Questions About Afghanistan

Questions About Afghanistan

There are 65,000 U.S. troops currently in Afghanistan and President Obama is taking his time considering whether to send all or part of the 40,000 recommended/ requested by General Stanley McChrystal. Cheney says Obama is dithering (Does what Cheney thinks still matter?) It’s the first real decision that Obama is going to make in his role as Commander In Chief.

It brings up a few questions, all of political significance:

1.    Should we escalate the troop levels in Afghanistan?
This question makes me wonder what Afghanistan troop levels are like compared both to the contemporary levels in Iraq and to the historical levels in a conflict to which it is being sometimes, and increasingly, compared to, like Vietnam. To answer, the 65,000 we have there now is about half of the current Iraq number, 130,000- so the conflict is far from even the largest going on right now. And Vietnam?

At the peak we had 537,377 troops there. During the first four years we increased troop levels there during the first four years by 100,000 per year, leading up to that peak number. So, in comparison to those other conflicts/ wars we’re still quite low. But 40,000 is still almost a 60% increase in the level- why?

Arguments range from the need to change strategy and storm certain areas along the border of Afghanistan and Pakistan to the claim that we have never had enough people there to begin with to the need for us to establish a strong presence there so we can effectively negotiate with the Taliban and al Qaeda.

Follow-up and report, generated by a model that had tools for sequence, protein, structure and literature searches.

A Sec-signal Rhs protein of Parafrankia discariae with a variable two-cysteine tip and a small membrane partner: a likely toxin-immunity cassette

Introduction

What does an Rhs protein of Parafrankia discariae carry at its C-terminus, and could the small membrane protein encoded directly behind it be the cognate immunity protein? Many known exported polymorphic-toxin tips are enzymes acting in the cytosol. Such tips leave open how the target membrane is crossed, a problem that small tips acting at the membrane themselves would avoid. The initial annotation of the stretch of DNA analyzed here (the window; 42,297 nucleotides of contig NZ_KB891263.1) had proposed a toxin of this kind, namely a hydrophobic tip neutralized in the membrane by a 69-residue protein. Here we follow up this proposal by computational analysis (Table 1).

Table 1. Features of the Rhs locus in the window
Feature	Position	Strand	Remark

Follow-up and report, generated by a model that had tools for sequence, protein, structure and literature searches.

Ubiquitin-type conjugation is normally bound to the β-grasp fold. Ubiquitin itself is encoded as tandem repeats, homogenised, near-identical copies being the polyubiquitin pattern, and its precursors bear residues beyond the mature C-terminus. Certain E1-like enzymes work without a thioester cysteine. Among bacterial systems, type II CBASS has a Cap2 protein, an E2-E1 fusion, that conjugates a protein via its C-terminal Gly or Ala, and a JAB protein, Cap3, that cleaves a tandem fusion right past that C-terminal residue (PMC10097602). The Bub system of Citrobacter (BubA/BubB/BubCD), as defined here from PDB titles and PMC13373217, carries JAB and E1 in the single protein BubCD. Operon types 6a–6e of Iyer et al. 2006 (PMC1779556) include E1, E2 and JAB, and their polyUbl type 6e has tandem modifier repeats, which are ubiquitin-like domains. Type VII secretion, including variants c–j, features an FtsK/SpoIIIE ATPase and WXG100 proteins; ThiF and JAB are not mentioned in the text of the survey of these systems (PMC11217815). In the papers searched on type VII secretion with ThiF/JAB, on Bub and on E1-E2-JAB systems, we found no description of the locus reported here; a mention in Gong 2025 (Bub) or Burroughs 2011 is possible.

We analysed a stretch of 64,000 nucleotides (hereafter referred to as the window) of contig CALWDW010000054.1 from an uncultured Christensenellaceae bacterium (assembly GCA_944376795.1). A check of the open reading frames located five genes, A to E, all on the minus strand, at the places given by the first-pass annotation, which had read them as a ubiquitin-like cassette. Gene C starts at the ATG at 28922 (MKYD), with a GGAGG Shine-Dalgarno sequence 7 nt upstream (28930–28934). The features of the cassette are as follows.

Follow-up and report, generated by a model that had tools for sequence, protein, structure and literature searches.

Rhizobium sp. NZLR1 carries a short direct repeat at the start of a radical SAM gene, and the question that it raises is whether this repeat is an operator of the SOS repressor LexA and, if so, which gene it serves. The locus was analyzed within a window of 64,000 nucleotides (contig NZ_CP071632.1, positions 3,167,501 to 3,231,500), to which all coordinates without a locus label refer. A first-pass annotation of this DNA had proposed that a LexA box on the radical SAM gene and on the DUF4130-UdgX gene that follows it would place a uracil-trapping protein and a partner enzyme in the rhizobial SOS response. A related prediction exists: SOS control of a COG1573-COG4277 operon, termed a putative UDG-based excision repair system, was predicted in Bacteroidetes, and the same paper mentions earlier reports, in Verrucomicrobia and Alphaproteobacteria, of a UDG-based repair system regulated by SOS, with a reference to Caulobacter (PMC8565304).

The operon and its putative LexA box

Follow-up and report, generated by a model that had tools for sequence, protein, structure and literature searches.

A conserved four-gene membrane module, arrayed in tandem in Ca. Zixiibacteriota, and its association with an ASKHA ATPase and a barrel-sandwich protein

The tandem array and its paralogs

The point that Obama seems to be pondering right now is whether extra troops are necessary and if they will have support from the folks at home. Us.

"I will never rush the solemn decision of sending you into harm's way. I won't risk your lives unless it is absolutely necessary. And if it is necessary, we will back you up to the hilt. Because you deserve the strategy, the clear mission, the defined goals as well as the equipment and support you need to get the job done,” Obama told Navy personnel and their families in Jacksonville.

2.    Should we start bringing troops home?
While I phrase the question as a “should?” it may be more of a “can?” And the answer is no. With a request for more troops to be sent, the idea of starting to withdraw troops, with Osama bin Laden still not captured and the Taliban gaining influence and strongholds, this is a battle we are now in for the long haul. What would the message be to the Taliban and al Qaeda be at this point if we started thinning our troops?

3.    How will Afghanistan reflect on Obama’s leadership and decision-making?
As I said, it’s his first big decision as Commander in Chief. It has already reinforced his assertion that he will not rubber stamp military requests the way former President Bush seemed to. Is he dithering? It’s too early to say that- he is certainly taking his time, perhaps weighing the political impact of his choices and thinking about these very same questions.